Pedestrian-related crashes highest on South Fraser Way

Abbotsford Police report that 54 per cent of collisions involved pedestrians and cyclists during a five-month span

Police are reporting that pedestrian-related crashes along South Fraser Way were higher than any other area of Abbotsford in a recent five-month period.

Police are reporting that pedestrian-related crashes along South Fraser Way were higher than any other area of Abbotsford in a recent five-month period.

South Fraser Way in Abbotsford recorded the highest percentage of pedestrian-related crashes in the city in a five-month period, according to statistics released Wednesday by the Abbotsford Police Department (APD).

Const. Ian MacDonald said 54 per cent of the crashes in the area from Countess Street to McCallum Road involved pedestrians and cyclists between June 1 and Nov. 3.

He said there were 35 collisions during that time, with 12 involving pedestrians and seven involving cyclists.

In comparison, MacDonald said the city’s second busiest traffic corridor – Marshall Road – tallied 21 collisions during the same period, with 14 per cent involving pedestrians and cyclists.

Maclure Road — the third busiest corridor – had 19 crashes, all involving only vehicles.

MacDonald said the numbers are higher along South Fraser Way because many commercial businesses line the corridor and people regularly drive, ride and walk to access those services and to travel through the centre of the city.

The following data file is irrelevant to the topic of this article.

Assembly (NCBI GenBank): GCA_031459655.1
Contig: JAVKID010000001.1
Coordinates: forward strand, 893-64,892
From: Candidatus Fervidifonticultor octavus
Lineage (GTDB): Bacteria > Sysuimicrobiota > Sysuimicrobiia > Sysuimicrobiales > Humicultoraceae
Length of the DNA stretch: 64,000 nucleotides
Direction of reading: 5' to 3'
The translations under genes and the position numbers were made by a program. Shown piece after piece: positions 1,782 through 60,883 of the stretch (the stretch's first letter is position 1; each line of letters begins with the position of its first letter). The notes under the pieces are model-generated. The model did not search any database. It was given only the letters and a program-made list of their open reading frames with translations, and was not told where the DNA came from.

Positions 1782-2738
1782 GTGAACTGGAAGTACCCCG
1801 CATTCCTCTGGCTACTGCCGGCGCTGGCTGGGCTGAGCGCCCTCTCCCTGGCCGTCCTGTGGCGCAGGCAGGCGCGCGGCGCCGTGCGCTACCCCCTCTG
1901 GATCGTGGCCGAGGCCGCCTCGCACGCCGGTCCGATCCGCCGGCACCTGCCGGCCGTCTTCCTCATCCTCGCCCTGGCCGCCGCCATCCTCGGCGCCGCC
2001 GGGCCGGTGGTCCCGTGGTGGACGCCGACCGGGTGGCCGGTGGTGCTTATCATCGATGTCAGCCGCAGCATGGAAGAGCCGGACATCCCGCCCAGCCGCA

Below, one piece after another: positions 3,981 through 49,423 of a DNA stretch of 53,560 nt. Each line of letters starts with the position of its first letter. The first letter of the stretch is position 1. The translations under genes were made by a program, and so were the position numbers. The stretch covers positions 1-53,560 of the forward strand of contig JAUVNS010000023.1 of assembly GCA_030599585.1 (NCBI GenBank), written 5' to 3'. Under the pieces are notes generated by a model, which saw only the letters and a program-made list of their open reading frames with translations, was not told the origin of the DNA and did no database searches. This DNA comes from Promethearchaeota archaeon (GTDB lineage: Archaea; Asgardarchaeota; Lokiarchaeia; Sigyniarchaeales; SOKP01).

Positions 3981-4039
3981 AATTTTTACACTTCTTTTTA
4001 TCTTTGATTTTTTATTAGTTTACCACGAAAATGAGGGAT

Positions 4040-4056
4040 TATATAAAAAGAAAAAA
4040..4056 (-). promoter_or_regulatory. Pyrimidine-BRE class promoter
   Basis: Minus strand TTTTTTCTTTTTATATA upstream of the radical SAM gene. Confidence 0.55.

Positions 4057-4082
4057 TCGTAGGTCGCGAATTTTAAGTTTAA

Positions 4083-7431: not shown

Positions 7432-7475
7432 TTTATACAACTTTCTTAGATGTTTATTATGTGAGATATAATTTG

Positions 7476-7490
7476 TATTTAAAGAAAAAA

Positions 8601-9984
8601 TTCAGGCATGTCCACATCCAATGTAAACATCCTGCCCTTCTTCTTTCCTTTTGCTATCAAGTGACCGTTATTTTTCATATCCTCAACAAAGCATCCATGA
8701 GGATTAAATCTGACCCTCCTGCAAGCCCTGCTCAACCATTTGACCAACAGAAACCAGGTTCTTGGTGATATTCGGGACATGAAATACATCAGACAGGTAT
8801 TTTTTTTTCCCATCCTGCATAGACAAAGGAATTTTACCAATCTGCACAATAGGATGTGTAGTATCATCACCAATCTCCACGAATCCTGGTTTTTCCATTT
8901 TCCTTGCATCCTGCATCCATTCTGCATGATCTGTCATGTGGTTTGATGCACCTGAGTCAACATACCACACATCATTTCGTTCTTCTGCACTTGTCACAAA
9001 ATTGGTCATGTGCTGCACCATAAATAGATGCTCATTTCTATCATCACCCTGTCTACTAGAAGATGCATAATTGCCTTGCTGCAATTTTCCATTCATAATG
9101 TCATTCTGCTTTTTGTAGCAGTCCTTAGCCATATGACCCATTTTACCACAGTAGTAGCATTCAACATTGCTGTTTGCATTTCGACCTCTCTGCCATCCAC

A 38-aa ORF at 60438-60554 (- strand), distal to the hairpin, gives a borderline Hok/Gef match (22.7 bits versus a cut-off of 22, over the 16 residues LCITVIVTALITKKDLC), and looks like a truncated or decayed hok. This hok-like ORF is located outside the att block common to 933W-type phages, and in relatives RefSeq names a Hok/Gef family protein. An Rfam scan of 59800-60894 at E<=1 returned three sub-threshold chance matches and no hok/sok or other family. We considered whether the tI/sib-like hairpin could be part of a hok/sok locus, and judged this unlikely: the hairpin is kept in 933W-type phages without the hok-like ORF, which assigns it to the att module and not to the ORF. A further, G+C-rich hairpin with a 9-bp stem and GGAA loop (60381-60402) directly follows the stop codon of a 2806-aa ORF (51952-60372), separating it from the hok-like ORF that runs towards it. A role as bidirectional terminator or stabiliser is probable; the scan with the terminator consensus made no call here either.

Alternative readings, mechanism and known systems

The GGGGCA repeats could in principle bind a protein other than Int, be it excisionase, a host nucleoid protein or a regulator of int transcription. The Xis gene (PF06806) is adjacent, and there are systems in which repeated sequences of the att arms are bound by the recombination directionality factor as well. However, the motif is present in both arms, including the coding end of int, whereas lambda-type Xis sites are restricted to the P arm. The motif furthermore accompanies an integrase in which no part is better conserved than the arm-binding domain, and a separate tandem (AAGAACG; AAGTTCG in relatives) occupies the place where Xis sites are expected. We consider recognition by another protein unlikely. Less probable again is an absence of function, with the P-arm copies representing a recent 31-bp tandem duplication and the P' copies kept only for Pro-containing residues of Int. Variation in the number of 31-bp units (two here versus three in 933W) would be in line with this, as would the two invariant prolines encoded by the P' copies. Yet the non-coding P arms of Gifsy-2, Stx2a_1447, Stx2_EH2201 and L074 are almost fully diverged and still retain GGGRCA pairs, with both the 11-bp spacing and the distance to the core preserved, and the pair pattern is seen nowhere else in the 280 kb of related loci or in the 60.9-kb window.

He said 74 per cent of the South Fraser Way crashes that involved pedestrians/cyclists occurred during daylight hours.

Police attribute these collisions mainly to people being inattentive or failing to yield the right of way.

Some of the incidents occurred when drivers were making left turns and struck pedestrians in a crosswalk.

In other cases, drivers were making a right turn and were looking only to their left to ensure traffic was clear, but did not see a pedestrian or cyclist approaching on their right.

MacDonald said pedestrians/cyclists were to blame in about half of the collisions, with some jaywalking and others stepping into traffic while being distracted on an electronic device.

He said all the South Fraser Way crashes involved some form of injury to the pedestrians/cyclists, requiring an ambulance to be called to the scene and, in some cases, the person to be taken to hospital.

“The downside is the numbers, but the upside is something can be done about it,” MacDonald said of the preventive nature of the collisions.

He said drivers, cyclists and pedestrians have a shared responsibility to prevent collisions and injuries on the roads.

 

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